Attackers Run on Dunkin's DD Perks Rewards
Boston-based Dunkin’, the brand formerly known as Dunkin Donuts, has released a warning to its customers stating that DD Perks reward account holders were potentially hacked by a third party in a credential-stuffing attack wherein hackers were trying to steal the rewards points to sell and trade them on the dark web.
The incident was discovered on October 31, 2018, by one of Dunkin’s security vendors, and it is believed that malicious third-party actors used credentials stolen from other breaches to access user accounts.
According to a statement shared with Infosecurity Magazine by a Dunkin’ spokesperson, “Dunkin’ Brands has issued notification letters to certain DD Perks account holders who may have experienced unauthorized access to their accounts.”
Additionally, the company's incident advisory warned that the attackers might have accessed the first and last names of impacted account holders, along with their email addresses and 16-digit DD Perks account number and their DD Perks QR code. Dunkin’ said it forced a password reset so that all potentially affected account holders would have to log out and use a new password to log back in to their accounts.
“Just when you thought that hackers could not come between you and your morning coffee, they get you right in the rewards points. NuData Security has found that 90% of cyberattacks start with some sort of automation, credential stuffing being a prominent one like the one perpetrated on Dunkin’,” said Ryan Wilk, VP of customer success for NuData Security, a Mastercard company.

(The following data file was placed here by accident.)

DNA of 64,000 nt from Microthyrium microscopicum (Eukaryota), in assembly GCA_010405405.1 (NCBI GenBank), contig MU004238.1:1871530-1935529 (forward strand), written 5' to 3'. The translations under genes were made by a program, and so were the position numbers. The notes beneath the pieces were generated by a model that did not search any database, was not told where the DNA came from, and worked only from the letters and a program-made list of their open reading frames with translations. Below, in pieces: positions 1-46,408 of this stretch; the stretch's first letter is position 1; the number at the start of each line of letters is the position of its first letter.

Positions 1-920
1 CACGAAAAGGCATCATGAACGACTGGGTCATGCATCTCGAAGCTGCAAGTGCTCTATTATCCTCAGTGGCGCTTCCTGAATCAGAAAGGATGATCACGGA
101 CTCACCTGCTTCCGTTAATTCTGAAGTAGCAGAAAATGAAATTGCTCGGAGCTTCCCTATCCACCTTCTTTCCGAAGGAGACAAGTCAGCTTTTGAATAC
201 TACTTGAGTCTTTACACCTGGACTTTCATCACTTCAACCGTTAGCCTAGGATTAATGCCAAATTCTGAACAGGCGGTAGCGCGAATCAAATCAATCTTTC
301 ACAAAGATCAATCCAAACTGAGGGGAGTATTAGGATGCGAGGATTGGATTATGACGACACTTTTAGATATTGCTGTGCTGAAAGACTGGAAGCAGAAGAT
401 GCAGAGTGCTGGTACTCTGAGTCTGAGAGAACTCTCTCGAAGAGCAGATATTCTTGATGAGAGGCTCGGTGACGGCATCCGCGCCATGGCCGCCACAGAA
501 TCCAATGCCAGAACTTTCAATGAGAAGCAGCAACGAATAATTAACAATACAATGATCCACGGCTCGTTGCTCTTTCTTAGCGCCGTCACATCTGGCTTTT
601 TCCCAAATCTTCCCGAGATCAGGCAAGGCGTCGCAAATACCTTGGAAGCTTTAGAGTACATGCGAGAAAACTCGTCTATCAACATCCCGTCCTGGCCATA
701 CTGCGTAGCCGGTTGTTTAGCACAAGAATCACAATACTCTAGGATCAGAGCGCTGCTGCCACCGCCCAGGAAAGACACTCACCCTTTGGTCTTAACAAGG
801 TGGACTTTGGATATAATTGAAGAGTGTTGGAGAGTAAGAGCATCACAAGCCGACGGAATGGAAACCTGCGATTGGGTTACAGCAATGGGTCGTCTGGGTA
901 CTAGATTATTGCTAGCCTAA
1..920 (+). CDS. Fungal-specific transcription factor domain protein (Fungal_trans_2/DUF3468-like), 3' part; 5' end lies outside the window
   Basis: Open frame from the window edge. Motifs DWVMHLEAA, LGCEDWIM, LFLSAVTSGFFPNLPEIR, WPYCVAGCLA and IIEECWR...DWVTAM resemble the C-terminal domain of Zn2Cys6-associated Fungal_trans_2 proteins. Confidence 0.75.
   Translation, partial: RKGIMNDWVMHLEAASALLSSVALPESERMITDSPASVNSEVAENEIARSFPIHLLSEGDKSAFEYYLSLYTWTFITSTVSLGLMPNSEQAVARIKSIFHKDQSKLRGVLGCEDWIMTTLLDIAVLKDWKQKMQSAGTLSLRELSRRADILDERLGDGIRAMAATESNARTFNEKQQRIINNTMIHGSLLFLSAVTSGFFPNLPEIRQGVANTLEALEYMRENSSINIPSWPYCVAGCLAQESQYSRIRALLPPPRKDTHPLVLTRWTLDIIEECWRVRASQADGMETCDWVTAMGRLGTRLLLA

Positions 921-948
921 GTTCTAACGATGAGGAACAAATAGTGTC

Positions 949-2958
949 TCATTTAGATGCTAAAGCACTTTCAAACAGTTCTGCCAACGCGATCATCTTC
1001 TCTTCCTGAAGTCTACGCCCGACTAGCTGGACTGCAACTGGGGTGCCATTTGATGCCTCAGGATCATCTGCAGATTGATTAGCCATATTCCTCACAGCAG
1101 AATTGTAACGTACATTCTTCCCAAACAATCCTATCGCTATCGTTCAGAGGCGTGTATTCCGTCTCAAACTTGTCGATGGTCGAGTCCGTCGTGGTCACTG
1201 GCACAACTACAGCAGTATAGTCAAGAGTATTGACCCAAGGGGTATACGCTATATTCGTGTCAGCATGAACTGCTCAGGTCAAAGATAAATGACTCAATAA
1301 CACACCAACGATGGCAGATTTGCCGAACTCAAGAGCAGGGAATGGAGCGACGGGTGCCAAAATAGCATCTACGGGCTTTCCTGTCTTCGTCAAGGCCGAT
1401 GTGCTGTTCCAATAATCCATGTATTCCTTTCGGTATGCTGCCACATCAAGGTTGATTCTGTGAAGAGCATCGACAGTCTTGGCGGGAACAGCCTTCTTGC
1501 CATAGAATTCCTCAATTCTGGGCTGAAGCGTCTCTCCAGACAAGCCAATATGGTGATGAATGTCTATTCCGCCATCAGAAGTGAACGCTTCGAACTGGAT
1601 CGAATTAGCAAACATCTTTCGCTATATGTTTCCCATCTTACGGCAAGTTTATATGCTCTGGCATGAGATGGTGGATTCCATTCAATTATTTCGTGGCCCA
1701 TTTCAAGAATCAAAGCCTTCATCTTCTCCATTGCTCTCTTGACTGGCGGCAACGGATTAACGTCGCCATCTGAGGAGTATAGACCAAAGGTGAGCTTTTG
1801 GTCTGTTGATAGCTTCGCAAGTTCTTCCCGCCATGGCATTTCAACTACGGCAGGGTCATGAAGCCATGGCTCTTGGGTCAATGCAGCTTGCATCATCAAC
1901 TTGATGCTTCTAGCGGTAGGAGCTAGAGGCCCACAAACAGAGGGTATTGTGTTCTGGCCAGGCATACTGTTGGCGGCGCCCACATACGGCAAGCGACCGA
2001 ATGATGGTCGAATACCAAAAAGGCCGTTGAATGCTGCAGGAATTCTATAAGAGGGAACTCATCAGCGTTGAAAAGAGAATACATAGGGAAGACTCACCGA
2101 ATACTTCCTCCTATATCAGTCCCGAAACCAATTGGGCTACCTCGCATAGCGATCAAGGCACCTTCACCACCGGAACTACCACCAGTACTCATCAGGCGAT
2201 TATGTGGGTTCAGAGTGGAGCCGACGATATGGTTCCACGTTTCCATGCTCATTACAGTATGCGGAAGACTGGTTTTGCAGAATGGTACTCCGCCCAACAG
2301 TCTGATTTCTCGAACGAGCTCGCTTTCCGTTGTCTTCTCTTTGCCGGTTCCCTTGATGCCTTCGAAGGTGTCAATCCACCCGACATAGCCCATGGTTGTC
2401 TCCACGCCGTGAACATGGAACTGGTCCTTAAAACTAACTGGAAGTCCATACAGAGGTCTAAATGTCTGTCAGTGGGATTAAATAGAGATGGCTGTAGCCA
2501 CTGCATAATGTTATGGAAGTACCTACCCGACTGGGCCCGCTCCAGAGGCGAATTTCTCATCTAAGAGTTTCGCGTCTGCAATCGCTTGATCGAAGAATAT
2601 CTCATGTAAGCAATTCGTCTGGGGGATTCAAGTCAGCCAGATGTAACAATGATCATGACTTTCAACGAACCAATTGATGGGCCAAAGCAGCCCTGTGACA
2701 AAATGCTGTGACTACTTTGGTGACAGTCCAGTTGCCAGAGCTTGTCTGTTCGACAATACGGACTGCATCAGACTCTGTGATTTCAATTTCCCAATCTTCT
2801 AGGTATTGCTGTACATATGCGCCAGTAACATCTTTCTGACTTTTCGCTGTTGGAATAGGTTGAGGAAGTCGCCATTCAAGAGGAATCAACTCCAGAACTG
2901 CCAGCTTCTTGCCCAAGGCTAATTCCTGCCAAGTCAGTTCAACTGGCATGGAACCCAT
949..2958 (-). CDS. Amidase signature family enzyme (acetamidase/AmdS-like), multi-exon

“The software for credential stuffing is now so affordable that this type of attack is becoming accessible for almost anyone. What this means is that adversaries can automatically cycle through username and password pairs against login portals. This technique, known as credential stuffing, is a type of brute force attack whereby large sets of credentials are automatically inserted into login pages until a match with an existing account is found."
While customers are advised to change their passwords, Wilk said this is only a temporary fix that fails to address the root of the problem. “One effective way to stop this type of attack is to implement security solutions that detect this sophisticated automated activity at login and other placements. By using technologies that include behavioral biometrics, automated activity is flagged at login before it can even test any credentials in the company's environment.”
Source: Information Security Magazine